School Waste-Free Lunch

  • WasteFreeLunch

    Did you know that an average student school lunch can generate as much as 67 pounds of waste per year? That puts an average-sized elementary producing up to 18,700 pounds of waste per year.  As parents, we pack our children's lunches in single-use containers, such as, plastics bags, aluminum foil, wax paper, or just pack single serving disposable meals. By changing our packing habits we are able to reduce the number of items in our lunch that must be thrown out. 


    By mostly using items that can be eaten, reused, recycled, or composted in our packed lunch, we can: Prevent pollution, Conserve natural resources, Save energy, Reduce the need for disposal, and Be an environmental steward and make a difference in your environment and the environment of the future.  

  has developed a cost analysis that compares disposable vs. waste-free lunches. On average, packing waste-free lunches can save a family $250 per student per year. 

Tips for Packing a Waste-Free Lunch

    1. Pack sandwiches and other main dishes, fresh fruits and, fresh vegetables, and treats in a reusable lunch container or containers sando
    2. Pack cloth napkins instead of paper napkins. 
    3. Place stainless steel or wooden utensils (knife, fork, and spoon) in your children's lunch box
    4. Use reusable drink containers for juice, milk or other beverages. If this is not an option, strive to use recyclable containers and encourage your children to back them back home to be recycled.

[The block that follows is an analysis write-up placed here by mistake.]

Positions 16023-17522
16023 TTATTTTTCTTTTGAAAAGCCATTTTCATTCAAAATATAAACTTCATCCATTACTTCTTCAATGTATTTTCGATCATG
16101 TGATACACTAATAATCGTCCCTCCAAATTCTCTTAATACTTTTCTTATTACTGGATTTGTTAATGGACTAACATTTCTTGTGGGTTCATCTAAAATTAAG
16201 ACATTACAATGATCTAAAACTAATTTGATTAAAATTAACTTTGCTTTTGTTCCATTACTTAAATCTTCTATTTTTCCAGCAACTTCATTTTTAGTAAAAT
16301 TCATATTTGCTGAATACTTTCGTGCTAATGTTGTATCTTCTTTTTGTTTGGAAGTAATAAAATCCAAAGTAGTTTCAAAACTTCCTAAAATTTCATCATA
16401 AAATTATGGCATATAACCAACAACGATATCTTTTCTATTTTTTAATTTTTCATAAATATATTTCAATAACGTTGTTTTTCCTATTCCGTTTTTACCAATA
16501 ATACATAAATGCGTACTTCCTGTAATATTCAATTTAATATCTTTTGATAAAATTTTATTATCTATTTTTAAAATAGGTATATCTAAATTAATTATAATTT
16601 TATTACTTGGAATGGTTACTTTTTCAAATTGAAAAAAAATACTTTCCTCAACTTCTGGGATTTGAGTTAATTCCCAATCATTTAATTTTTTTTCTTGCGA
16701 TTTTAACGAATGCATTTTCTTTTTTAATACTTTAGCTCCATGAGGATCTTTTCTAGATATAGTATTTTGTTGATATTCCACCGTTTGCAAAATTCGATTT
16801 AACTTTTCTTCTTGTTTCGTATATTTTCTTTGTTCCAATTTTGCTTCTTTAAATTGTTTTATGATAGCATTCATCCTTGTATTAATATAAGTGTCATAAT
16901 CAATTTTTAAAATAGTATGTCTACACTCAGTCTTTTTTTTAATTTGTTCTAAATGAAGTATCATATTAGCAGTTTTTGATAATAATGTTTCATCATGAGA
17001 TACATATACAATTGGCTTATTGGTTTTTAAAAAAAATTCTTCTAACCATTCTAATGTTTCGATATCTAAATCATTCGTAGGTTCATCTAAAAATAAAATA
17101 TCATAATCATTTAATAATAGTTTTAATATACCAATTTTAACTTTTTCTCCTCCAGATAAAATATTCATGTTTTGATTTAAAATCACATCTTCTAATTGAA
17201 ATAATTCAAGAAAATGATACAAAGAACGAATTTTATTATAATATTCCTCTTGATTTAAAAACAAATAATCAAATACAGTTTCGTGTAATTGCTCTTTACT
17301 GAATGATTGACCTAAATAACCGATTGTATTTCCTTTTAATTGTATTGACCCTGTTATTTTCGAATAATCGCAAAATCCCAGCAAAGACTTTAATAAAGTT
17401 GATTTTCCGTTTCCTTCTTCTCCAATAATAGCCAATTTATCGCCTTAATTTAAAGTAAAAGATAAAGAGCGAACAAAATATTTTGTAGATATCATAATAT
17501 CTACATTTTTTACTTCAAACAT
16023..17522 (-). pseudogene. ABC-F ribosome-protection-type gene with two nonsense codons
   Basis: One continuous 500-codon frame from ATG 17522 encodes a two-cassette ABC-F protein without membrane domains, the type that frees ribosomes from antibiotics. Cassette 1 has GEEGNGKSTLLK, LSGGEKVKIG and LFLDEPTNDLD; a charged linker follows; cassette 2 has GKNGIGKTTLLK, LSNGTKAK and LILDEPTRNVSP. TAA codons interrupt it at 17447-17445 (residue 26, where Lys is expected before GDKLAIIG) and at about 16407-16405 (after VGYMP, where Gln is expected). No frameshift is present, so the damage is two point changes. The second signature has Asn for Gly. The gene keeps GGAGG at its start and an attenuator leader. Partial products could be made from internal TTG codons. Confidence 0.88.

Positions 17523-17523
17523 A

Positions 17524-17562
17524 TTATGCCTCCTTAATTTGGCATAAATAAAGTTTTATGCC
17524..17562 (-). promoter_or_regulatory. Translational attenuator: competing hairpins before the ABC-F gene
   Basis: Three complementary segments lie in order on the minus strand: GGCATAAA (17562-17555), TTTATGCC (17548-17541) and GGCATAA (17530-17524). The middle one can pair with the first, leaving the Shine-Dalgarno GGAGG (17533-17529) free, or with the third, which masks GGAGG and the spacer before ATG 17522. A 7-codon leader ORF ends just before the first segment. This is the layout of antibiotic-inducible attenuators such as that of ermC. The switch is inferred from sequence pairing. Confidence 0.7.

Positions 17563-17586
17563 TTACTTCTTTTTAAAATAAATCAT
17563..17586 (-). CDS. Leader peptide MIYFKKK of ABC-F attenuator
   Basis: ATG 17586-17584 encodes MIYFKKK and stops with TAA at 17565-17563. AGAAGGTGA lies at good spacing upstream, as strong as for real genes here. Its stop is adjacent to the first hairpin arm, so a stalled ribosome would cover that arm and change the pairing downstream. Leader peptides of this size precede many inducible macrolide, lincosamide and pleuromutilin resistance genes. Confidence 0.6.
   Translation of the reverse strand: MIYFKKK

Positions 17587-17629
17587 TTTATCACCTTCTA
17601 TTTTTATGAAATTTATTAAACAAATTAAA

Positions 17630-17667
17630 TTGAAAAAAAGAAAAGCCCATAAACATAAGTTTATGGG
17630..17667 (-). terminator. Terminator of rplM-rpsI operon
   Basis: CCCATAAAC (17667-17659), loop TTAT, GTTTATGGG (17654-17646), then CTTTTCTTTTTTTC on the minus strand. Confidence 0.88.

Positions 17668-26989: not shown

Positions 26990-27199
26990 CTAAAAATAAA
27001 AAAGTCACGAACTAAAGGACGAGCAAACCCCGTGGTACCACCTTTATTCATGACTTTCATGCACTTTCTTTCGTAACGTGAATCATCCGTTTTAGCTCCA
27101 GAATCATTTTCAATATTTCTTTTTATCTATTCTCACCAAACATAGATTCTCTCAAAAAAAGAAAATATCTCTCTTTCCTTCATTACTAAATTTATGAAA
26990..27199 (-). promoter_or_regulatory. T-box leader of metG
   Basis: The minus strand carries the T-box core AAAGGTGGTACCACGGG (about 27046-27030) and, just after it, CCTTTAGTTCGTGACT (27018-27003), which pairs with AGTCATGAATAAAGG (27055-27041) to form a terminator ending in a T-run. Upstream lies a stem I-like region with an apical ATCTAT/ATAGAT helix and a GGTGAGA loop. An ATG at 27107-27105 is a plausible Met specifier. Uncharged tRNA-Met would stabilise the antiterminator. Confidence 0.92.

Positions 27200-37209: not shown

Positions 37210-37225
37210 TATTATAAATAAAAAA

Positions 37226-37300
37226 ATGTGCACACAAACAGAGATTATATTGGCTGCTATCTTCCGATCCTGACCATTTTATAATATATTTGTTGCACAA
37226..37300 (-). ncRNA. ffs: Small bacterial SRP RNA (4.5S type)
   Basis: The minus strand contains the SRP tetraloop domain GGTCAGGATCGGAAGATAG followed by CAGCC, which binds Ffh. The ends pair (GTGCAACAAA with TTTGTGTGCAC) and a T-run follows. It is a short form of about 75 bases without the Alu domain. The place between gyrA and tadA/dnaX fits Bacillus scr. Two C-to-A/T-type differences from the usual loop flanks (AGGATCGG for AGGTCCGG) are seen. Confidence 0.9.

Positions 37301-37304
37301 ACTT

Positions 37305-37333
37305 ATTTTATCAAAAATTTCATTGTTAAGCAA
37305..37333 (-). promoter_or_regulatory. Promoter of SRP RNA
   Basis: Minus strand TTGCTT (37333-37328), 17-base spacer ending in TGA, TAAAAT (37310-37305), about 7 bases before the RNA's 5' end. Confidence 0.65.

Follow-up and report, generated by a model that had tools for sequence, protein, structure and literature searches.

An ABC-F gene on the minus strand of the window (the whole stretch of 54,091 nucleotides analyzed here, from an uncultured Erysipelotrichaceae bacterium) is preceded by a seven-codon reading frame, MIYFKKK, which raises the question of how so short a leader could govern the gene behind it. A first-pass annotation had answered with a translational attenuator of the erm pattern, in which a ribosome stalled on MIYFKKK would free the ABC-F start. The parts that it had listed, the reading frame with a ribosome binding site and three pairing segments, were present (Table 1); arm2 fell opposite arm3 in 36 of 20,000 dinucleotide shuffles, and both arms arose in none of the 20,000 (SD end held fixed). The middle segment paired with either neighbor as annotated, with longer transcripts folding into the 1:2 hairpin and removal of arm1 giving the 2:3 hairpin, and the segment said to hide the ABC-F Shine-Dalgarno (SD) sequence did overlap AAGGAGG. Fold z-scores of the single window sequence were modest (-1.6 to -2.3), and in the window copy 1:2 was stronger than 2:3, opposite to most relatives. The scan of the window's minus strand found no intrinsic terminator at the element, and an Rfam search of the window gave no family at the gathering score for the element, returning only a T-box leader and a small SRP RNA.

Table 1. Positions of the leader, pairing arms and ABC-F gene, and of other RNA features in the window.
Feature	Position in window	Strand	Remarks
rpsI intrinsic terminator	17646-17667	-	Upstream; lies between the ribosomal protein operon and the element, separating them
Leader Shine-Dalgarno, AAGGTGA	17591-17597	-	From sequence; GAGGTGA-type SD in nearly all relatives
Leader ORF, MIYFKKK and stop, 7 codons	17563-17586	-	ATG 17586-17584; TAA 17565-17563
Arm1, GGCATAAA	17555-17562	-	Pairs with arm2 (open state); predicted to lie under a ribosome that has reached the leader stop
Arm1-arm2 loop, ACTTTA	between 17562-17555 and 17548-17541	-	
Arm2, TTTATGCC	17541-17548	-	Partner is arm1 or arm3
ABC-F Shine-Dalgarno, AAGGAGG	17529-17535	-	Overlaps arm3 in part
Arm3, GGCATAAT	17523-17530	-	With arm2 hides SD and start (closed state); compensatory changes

5. Use a lunch box or reusable lunch bag to pack



    When packing a waste-free, very little trash is generated because foods are bought in bulk or in larger packages. The packaging is left at home for reuse or recycling. Food waste also decreases with a reusable lunch container, as children can re-pack uneaten food instead of dumping it, packaging and all, into the school trash can.

Items to AVOID when Packing School Lunches

  • Below are some commonly found items in school lunches that can be avoided by buying bulk food and repackaging in reusable containers.

    • Sandwiches in disposable plastic bags
    • Fruits and vegetables in plastic bags
    • Prepackaged chips, cookies, fruit bars, granola bars, cheeses, and fruit leathers
    • Single-use yogurts, applesauce, and puddings
    • Crackers, pretzels, chips, and other snack foods sealed in plastic bags
    • Disposable juice boxes, juice pouches, juice cans, water bottles, and milk cartons
    • Plastic forks and spoons
    • Paper napkins
    • Lunches packed in plastic bags